As you may have noticed, Ericsson hasn't done the best PR for Erlang. The closest things resembling sales pitches I see from that part of the world are either academic-looking papers or PowerPoint presentations that require downloading heavy PDF files. There are also the mailing list postings that are often intelligent and hilarious but they are ultimately preaching to the choir.
When people talk about Erlang, they usually mention how Erlang is great for building concurrent, distributed, highly-available, fault-tolerant, systems; it powers phone switches with nine nines availability; the AXD 301 switch has 850K lines of Erlang code; Yaws scales with large numbers of connections; ejabberd is the most scalable XMPP server; and all sorts of such heavy-sounding accomplishments.
If I hadn't read Joel Reymont's wagerlabs.com blog, where he wrote about his experiences writing a poker server in Erlang, I probably would have never thought I would actually like Erlang as a language.
What nobody from Ericsson talks about is that Erlang makes coding FUN.
It may be possible to arrive at this realization through deduction: to build large-scale, stable systems you need a productive language. If the language got in your way and prevented you from doing things in a straightforward manner, your code would start growing in complexity. Complexity leads to bugs. Bugs lead to downtime. Systems written in Erlang must have close to zero downtime. Therefore, Erlang must make developer's lives easy.
For developers, ease often equates with fun. Ease means that they can express their thoughts succinctly, test their solutions quickly, and then move on to the next problem.
Programmers love garbage collection, for instance, because it makes their lives easy. Similarly, some programmers are Ruby fanatics because they think Ruby is the epitome of ease (I used to think so too in the old days -- about 3 months ago :) ). Other programmers believe ease comes from using functional languages, because they are the most powerful.
You can read Paul Graham's essays on Lisp about this. You can also read Peter Norvig's comparison between Python and Lisp. (As you're reading this comparison, mentally add Erlang as well as 2 more categories: concurrency and fault tolerance, and picture Erlang as being the top dog :) )
So what exactly makes Erlang coding fun? To me, these are the main factors:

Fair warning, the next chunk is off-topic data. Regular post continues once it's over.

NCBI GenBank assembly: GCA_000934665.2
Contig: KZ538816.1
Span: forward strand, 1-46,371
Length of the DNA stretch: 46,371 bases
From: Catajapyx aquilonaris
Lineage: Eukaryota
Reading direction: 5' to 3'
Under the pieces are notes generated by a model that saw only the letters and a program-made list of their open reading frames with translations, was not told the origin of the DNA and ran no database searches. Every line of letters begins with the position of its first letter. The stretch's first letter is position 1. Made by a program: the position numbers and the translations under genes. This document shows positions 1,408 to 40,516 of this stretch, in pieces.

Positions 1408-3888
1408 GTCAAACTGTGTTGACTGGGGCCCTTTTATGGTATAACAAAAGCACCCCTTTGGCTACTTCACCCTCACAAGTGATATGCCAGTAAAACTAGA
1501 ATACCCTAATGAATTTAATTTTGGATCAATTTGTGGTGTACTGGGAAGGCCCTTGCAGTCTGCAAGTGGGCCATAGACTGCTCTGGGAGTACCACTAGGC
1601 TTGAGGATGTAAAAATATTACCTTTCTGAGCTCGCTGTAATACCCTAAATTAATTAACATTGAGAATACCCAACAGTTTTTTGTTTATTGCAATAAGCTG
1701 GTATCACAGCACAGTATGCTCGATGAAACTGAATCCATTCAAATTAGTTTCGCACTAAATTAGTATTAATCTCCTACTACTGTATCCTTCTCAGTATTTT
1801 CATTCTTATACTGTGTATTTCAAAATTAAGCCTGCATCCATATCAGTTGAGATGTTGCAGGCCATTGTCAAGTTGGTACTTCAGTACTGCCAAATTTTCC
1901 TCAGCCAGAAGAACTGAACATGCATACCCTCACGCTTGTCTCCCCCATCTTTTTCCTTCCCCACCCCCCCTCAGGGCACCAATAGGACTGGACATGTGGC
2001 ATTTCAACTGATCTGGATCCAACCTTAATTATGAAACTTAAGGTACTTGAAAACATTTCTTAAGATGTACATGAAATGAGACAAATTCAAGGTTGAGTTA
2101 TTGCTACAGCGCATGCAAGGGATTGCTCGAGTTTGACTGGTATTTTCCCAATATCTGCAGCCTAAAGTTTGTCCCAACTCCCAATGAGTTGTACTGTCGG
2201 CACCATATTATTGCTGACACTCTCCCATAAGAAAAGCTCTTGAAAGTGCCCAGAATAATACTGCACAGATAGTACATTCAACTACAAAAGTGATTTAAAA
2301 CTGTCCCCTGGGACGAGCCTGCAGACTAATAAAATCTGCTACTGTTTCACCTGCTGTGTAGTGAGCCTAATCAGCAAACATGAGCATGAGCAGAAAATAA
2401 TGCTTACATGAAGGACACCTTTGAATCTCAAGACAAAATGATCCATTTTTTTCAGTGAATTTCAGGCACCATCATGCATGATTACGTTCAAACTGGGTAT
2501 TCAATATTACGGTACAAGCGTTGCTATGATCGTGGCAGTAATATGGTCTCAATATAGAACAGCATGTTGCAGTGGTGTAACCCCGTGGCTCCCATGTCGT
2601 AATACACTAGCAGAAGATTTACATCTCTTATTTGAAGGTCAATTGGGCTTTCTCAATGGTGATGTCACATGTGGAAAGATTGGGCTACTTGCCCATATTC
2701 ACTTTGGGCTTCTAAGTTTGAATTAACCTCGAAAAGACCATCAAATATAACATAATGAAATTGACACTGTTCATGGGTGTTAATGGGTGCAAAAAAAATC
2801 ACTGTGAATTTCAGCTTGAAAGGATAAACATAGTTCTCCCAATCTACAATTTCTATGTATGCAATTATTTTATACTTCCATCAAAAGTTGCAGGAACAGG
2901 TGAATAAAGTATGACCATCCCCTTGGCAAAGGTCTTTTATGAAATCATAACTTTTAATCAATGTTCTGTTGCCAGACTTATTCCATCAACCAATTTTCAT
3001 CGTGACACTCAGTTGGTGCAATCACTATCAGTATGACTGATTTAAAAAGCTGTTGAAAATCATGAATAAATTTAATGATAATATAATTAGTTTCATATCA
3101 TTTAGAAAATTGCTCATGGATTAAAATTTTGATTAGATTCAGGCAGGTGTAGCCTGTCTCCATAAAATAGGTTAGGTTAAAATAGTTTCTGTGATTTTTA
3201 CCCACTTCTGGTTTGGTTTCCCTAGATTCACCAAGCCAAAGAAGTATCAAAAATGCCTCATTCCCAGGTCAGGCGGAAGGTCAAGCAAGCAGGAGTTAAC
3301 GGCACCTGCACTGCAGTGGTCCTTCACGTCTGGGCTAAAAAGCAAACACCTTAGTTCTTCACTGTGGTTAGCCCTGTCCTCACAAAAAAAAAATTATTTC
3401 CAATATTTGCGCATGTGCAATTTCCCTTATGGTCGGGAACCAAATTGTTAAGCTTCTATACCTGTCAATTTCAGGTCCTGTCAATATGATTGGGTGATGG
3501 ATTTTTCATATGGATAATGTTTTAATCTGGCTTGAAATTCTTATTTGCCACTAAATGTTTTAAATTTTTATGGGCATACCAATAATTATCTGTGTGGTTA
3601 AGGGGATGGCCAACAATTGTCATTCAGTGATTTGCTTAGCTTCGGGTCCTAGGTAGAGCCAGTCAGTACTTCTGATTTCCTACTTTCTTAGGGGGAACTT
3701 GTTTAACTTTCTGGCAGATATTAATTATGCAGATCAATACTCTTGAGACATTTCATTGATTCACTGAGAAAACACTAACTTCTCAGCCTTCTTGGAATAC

- Erlang is a functional language. It fits well in my brain.
- Erlang is dynamically typed, which means that I can write less code (read Haskell vs. Erlang, Reloaded) and also test my code easily in the Erlang shell. (Erlang's dynamic nature also allowed me to create Smerl :) )
- Erlang has pattern matching, which lets me write a single line of code to express a thought that would in other languages translate into a horrendous structure of nested if-else statements.
- Erlang has single-assignment semantics, which means that functions have no side effects (on bound variables). This makes Erlang code very readable. It also makes debugging easy.
- Concurrency, concurrency, concurrency.
- With Erlang's hot code swapping, I can deploy my changes unto a system while it's running. When I made the haXe remoting adapter for Yaws, I didn't have to take Yaws offline (try that with Apache or Lighttpd :) ).
- The compiler checks the validity of my code without locking me into a type system.
- Good runtime metaprogramming capabilities (with Smerl).
- I used to like Eclipse, but Erlang made me an Emacs fiend :)
- I'm learning a lot and interacting with very smart people.
Some people have asked me, "If all I want is to build a stateless, CRUD-style webapp, and I don't need telcom-grade scalability, etc, why should I bother learning Erlang? Ruby on Rails handles it just fine. It also has more web development libraries."
I hope I was able to give a reasonable answer to this question. However, as much as I write about Erlang, reading this blog won't take you all the way there. You have to experiment with Erlang and see how it feels for yourself. I can't guarantee you'll like it -- all I can do is tell you why I do.